Mike Stedman on the cost of performance

Published: 27/05/2004, Volume II4, No. 5907 Page 33

The drive for improved trust star-ratings has opened up the debate on the cost of performance improvement.

In association with national reference cost data, these ratings offer an opportunity to relate trusts' performance to their costs.

With the prospect of national tariffs and foundation status, understanding the relationship between performance and cost has now become critical.

The NHS plan requires trusts to focus on improving service performance while meeting a growing demand for healthcare and staying within funding constraints.

As part of a national evaluation, Res Consortium compared starrating performance data for trusts with their individual reference costings to identify trends in the relative cost of performance.

Available star-rating data for 2002 and 2003 were obtained for all trusts (acute, mental health and primary care trusts were considered separately). Despite concerns regarding the accuracy of the data supplied by some trusts, there was an assumption that it was credible enough to allow comparisons.

The cost base for each trust was identified using the 2002 and 2003 Department of Health reference cost indexes. This gave each trust a score relative to the national average of 100, based on the trust's own individual treatment unit costs collected for a standardised case mix. A centrally determined market forces factor was used to adjust the index for unavoidable cost differences across the country.

The breakdown by condition and treatment was significantly more detailed for acute trusts than for mental health trusts and PCTs. The total annual spend identified through this index was£25bn.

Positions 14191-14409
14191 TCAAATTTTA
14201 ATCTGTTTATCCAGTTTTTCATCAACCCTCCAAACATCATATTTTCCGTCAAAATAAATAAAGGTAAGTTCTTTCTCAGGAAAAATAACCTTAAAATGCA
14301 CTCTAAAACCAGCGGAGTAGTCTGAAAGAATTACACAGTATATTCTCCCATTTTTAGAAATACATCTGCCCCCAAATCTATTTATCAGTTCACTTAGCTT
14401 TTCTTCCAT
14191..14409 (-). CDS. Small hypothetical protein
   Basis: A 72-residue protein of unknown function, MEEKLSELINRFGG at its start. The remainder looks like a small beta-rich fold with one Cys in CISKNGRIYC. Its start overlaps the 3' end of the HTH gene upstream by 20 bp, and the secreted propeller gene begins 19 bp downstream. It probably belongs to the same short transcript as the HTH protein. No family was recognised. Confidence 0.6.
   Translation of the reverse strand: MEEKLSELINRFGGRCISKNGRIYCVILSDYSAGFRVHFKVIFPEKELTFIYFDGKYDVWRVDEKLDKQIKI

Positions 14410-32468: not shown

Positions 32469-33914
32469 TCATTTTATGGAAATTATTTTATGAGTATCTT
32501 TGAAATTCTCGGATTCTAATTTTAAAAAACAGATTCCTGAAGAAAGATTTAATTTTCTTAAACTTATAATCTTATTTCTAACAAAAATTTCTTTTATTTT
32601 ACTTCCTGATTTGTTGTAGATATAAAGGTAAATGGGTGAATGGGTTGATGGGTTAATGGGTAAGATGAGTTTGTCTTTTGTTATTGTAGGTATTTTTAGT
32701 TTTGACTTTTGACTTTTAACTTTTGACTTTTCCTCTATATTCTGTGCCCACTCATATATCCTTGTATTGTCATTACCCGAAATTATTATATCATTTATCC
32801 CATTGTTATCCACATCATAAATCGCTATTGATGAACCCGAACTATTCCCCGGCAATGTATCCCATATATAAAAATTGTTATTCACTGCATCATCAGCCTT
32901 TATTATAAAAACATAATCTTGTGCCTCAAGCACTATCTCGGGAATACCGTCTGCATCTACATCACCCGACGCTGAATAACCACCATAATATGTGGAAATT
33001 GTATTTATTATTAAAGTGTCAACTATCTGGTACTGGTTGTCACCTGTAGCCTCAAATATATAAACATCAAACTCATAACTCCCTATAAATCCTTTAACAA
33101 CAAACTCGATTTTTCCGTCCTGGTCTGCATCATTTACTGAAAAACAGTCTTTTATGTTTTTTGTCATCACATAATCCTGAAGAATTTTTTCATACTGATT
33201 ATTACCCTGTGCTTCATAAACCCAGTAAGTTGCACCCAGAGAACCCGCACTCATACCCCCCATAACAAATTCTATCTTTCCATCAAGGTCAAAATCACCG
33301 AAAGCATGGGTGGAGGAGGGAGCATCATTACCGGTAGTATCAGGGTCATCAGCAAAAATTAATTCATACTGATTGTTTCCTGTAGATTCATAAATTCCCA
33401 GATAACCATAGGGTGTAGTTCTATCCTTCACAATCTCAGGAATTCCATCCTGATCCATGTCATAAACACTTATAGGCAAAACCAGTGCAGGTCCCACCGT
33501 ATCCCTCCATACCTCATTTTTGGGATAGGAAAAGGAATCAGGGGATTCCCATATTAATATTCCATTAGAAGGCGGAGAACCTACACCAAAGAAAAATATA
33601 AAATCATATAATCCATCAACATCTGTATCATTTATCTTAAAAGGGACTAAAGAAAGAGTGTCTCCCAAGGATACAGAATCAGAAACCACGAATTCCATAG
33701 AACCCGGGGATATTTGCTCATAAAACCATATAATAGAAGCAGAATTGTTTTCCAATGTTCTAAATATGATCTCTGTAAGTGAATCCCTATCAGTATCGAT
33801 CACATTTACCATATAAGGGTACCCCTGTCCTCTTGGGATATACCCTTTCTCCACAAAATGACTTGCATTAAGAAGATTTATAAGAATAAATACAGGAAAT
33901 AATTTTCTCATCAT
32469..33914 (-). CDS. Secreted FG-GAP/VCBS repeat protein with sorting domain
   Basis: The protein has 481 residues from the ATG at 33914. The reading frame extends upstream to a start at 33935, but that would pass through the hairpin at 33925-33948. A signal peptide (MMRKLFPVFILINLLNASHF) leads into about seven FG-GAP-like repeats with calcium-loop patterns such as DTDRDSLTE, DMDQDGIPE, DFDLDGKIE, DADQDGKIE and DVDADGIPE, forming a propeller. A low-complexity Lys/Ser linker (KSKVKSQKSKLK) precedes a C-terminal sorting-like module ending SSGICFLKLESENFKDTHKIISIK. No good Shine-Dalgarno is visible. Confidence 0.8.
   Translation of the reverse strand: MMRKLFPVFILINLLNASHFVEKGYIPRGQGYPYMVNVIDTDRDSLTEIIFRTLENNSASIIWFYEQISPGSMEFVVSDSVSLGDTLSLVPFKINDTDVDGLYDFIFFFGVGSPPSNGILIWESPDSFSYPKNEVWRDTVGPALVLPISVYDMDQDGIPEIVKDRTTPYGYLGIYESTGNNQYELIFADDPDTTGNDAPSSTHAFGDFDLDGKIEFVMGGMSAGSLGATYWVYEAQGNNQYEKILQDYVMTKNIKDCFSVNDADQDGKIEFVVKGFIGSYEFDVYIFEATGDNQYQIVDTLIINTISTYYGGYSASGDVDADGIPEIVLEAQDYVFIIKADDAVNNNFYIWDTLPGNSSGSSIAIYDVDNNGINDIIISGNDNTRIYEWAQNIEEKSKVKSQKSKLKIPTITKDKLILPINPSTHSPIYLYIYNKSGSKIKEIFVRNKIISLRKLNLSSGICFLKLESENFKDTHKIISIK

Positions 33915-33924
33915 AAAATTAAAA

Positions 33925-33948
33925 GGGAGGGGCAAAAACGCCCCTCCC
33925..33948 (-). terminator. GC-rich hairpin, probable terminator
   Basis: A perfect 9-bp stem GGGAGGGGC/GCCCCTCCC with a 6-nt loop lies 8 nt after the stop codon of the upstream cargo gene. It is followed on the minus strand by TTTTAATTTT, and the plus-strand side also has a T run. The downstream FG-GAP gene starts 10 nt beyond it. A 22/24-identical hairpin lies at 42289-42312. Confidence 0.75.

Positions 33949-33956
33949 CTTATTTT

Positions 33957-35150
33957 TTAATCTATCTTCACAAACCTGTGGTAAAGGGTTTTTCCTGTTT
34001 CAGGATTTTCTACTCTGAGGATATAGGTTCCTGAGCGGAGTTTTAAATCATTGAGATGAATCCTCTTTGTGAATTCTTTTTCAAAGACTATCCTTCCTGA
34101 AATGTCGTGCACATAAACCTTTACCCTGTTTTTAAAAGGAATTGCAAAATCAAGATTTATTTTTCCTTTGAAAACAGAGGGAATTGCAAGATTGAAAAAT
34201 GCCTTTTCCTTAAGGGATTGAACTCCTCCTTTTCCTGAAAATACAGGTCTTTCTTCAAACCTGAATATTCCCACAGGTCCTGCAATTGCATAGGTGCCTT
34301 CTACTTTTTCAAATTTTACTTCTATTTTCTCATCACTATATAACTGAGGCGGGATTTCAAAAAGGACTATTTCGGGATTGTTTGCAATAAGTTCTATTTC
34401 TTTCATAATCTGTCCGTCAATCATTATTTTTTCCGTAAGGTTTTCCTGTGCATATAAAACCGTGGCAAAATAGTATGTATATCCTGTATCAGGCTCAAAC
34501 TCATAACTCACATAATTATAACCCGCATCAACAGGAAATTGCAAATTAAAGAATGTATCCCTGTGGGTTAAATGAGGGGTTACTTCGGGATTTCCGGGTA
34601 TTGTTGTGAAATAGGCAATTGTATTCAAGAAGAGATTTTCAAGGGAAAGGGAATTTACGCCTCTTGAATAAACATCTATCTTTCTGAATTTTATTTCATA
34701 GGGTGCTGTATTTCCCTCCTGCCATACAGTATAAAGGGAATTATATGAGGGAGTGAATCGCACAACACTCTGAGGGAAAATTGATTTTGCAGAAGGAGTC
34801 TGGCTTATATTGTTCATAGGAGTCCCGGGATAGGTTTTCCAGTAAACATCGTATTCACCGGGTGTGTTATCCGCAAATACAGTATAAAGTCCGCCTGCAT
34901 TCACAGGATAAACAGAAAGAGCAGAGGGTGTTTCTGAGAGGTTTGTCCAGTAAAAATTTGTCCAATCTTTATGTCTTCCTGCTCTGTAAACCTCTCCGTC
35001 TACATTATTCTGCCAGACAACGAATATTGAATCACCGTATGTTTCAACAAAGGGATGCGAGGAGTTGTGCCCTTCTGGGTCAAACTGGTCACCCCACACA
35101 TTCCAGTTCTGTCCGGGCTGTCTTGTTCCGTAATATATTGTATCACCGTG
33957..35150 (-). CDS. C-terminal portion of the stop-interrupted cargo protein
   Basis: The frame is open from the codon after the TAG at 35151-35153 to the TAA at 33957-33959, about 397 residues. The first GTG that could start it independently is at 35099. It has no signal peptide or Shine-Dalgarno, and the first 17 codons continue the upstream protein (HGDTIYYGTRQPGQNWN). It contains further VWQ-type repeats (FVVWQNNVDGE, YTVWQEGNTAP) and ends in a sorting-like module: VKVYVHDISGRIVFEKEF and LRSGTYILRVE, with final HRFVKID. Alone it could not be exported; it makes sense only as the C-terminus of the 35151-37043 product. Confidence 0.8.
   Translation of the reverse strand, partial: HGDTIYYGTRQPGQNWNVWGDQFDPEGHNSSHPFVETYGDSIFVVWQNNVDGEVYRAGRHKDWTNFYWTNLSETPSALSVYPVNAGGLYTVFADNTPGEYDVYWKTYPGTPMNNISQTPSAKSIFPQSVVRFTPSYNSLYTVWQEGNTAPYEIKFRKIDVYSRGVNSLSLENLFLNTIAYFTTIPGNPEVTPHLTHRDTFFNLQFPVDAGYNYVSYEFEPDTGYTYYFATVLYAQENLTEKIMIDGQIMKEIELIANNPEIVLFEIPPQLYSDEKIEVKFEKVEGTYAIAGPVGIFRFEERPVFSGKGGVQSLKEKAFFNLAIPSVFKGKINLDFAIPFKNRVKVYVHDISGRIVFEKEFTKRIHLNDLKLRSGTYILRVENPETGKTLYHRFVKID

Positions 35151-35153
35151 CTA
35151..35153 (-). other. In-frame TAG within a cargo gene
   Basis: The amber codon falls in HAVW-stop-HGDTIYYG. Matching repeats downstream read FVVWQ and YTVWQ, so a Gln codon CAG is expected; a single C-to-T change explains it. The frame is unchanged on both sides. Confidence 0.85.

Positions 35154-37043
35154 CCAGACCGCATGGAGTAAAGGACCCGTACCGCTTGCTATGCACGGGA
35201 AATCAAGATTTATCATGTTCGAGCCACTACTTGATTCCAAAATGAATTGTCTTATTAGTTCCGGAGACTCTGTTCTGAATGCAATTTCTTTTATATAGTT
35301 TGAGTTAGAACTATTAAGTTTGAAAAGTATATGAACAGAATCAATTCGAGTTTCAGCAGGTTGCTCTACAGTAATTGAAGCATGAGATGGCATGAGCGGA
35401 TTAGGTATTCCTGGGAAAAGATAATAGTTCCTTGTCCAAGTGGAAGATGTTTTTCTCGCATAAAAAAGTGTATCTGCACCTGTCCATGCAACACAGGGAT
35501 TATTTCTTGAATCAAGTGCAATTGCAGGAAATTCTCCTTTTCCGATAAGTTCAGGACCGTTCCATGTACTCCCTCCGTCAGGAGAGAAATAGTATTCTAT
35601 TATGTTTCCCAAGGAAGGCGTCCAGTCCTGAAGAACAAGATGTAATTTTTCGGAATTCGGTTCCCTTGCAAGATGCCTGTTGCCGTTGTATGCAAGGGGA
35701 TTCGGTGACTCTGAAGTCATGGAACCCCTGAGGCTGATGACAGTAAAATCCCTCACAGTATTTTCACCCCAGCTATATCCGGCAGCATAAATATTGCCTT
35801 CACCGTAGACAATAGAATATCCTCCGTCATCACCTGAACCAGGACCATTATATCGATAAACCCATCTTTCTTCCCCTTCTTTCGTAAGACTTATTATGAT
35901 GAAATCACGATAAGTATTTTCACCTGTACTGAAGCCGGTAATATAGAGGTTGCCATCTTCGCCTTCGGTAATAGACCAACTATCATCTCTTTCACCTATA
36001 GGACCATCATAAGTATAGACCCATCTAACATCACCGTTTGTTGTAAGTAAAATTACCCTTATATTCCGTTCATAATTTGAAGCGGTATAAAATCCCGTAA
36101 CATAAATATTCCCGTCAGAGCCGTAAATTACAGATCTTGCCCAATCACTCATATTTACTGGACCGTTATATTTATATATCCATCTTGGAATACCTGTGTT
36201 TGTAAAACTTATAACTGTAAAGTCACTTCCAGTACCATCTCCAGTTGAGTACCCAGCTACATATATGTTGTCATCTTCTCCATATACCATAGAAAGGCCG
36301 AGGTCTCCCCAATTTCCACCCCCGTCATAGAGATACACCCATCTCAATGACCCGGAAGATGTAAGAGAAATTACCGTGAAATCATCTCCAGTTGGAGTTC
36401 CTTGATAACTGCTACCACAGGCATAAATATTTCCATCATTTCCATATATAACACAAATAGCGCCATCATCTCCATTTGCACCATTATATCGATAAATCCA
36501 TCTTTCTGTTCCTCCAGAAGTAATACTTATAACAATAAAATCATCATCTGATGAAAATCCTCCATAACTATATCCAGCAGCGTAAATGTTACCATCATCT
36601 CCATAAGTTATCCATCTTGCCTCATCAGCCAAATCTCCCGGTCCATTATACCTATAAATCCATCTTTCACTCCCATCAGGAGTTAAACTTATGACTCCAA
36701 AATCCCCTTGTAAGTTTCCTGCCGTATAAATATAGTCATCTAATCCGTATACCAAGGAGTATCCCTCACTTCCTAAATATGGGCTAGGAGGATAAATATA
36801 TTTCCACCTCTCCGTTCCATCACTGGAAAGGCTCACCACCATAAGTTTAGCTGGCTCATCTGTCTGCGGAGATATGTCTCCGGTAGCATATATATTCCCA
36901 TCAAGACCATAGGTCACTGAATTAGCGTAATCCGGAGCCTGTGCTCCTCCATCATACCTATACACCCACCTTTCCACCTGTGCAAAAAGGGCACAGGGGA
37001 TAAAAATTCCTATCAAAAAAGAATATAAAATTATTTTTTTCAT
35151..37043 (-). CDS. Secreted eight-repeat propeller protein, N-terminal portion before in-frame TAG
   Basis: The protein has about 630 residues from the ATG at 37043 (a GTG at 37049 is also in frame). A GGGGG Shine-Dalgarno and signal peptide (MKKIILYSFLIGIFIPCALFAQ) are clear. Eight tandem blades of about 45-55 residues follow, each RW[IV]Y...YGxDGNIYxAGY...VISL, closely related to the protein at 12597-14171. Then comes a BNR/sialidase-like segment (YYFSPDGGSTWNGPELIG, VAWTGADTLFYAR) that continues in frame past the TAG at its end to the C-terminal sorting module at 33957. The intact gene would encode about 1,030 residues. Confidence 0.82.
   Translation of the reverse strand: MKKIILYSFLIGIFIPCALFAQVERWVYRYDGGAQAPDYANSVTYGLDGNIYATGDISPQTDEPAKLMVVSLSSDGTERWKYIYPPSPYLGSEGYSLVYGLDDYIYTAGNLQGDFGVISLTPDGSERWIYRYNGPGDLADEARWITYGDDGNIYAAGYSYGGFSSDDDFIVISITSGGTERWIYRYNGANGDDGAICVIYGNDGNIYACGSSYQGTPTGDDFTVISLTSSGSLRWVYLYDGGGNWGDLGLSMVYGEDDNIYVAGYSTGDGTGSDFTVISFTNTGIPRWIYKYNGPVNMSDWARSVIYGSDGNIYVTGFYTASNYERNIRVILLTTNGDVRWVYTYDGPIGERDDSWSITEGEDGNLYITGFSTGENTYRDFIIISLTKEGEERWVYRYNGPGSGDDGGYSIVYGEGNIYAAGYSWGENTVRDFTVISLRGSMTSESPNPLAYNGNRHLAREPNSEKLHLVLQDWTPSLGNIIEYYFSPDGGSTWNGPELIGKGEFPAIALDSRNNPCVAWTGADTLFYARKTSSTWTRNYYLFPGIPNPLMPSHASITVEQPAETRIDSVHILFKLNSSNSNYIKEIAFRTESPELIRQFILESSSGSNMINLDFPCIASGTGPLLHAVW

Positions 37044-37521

The star-rating results, which correspond to the same period, were used to match the published reference costs for acute and mental health trusts. For PCTs only 2003 star-ratings were used, as this was the first year of starrating evaluation for PCTs.

The analysis revealed that higher-performing acute trusts have lower overall unit costs of performance (graph 1). If all acute trusts achieved the threestar standard, there would be an opportunity for a 2 per cent reduction in the total acute trust spend - equivalent to over£320m per year.

In mental health, the trend again generally shows that higher performing trusts have lower overall unit costs of performance (graph 2). If all mental health trusts achieved the three-star standard, there would be an opportunity for a 3 per cent reduction in the total mental health trust spend - equivalent to over£120m a year.

The trend for PCTs is less clear (graph 3), although three-star trusts are clearly less expensive than other rating categories. If all PCTs could reach this standard, this would reduce costs by 4 per cent or£200m a year.

These results give a strong indication that higherperforming organisations cost less, therefore delivering better value and performance simultaneously. Some three-star trusts are delivering this level of performance at 80 per cent of reference costs.

Certainly the star-ratings and reference-costing systems will contain inaccuracies and are unlikely to reflect the whole picture in terms of trust performance and resource use.

Similarly, individual trusts will not be entirely comparable, with underlying factors based on their location - such as demographics and relative levels of deprivation - driving both performance and cost measures in the same way.

However, some drivers affecting performance and cost can be actively managed and improved:

Management capability - including appropriate organisational development, people management and information systems.

Organisational design - including treatment scope, research and teaching (anticipating economies of scale and scope are vital).

Change management - influencing the potential effects of recent mergers and other fundamental organisational changes.

Local network management - in which trusts relate to one another within a policy and resource framework set by strategic health authorities and national agencies.

A range of potential underlying factors might be involved, some of which might be identified through further study.

The key aim would be to achieve a virtuous circle initiated as the funds released are used to improve clinical performance and service levels further.

Establishing this circle will require focused investment based on well-defined performance improvement pathways.

Mike Stedman is a director of Res Consortium.For further information and copies of the full report, visit www. resconsortium. com